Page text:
Leo Svirsky is a composer, improviser, pianist and accordionist based in the Hague, Netherlands. As a composer, his work explores how the instability of listening itself transforms the perception of musical semantics and affect. Disorientations of memory and spatial awareness are nevertheless bounded by a rootedness in song and story.
With his new work, Heights in Depths, Svirsky examines psychoacoustics through way of glistening reeds. Architectural in its scope, these sine wave esq sounds are pinned to each corner of the listeners space, radiating like Dan Flavin sculptures in the room. Executed in two side long compositions, the laser like focus of these sounds bend and swirl, slowly drifting in and out of phase of one another, while all along making a grandiose evolution in the ultimate composition. Recorded on Easter Sunday at Gallery W139 in Amsterdam, Heights in Depths draws a map for the listener that has the arrows pointed in all directions. Accompanied by Norman Cohn’s text “The Pursuit of the Millennium: Revolutionary Millenarians and Mystical Anarchists of the Middle Ages” - Svirsky’s musical end game is down an infinite hallway lined with infinite mirrors - “To descend from the oneness or Eternity, into the multiplicity, is to lose ourselves in an endlesse Labyrinth.”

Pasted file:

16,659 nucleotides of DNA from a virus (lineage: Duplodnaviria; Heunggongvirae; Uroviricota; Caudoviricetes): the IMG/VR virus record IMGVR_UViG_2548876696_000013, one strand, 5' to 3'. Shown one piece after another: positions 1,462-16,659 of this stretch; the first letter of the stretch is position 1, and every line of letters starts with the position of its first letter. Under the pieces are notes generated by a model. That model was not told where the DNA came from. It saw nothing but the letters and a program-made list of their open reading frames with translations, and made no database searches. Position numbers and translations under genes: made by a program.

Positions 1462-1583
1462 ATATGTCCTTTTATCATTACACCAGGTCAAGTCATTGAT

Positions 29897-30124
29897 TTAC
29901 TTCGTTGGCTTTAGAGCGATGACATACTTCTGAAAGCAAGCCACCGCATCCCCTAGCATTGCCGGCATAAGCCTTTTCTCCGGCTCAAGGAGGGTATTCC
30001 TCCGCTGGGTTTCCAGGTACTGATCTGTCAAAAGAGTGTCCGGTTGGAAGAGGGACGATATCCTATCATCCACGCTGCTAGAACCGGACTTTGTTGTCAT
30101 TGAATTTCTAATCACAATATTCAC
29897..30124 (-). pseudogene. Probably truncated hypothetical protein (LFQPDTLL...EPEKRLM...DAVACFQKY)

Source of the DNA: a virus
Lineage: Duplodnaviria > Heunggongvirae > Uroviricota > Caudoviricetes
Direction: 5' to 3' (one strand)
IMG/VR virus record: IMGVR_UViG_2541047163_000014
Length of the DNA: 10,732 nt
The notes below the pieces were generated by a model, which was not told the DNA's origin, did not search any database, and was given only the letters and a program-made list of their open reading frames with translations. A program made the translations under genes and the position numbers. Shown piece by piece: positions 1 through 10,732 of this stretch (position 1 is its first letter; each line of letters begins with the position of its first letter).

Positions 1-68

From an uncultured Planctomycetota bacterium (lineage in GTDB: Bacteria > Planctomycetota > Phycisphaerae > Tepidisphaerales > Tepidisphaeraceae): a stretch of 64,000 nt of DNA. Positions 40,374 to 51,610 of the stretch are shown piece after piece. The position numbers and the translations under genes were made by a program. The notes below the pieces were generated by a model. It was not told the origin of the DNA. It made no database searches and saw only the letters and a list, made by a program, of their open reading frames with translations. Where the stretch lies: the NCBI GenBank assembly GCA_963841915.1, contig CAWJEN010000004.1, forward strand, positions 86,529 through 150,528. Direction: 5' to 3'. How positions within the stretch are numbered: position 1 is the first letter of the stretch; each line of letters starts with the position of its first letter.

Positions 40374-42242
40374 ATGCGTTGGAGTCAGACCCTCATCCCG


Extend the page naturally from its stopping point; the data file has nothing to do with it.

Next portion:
supported by 9 fans who also own “Heights in Depths”
Is the sound of any instrument more profound than that of the cello in the hands of a master? (Well, maybe the viola da gamba.) Here is exquisite cello music from the 14th to the 21st centuries played by Charles Curtis, including four compositions of his own. "Unfinished Song" will make you a believer. John Simms
supported by 7 fans who also own “Heights in Depths”
“With Julius, he was based in repetition, but here was a spirit of openness and improvisation. His scores, if they were written out that way, were often like jazz scores. He loved multiplying instruments – four pianos, ten cellos – so there was a real feeling of the presence of the instrument, not just using an instrument in some kind of equation, as a means to an end.” ~ Mary Jane Leach
Enough said. pt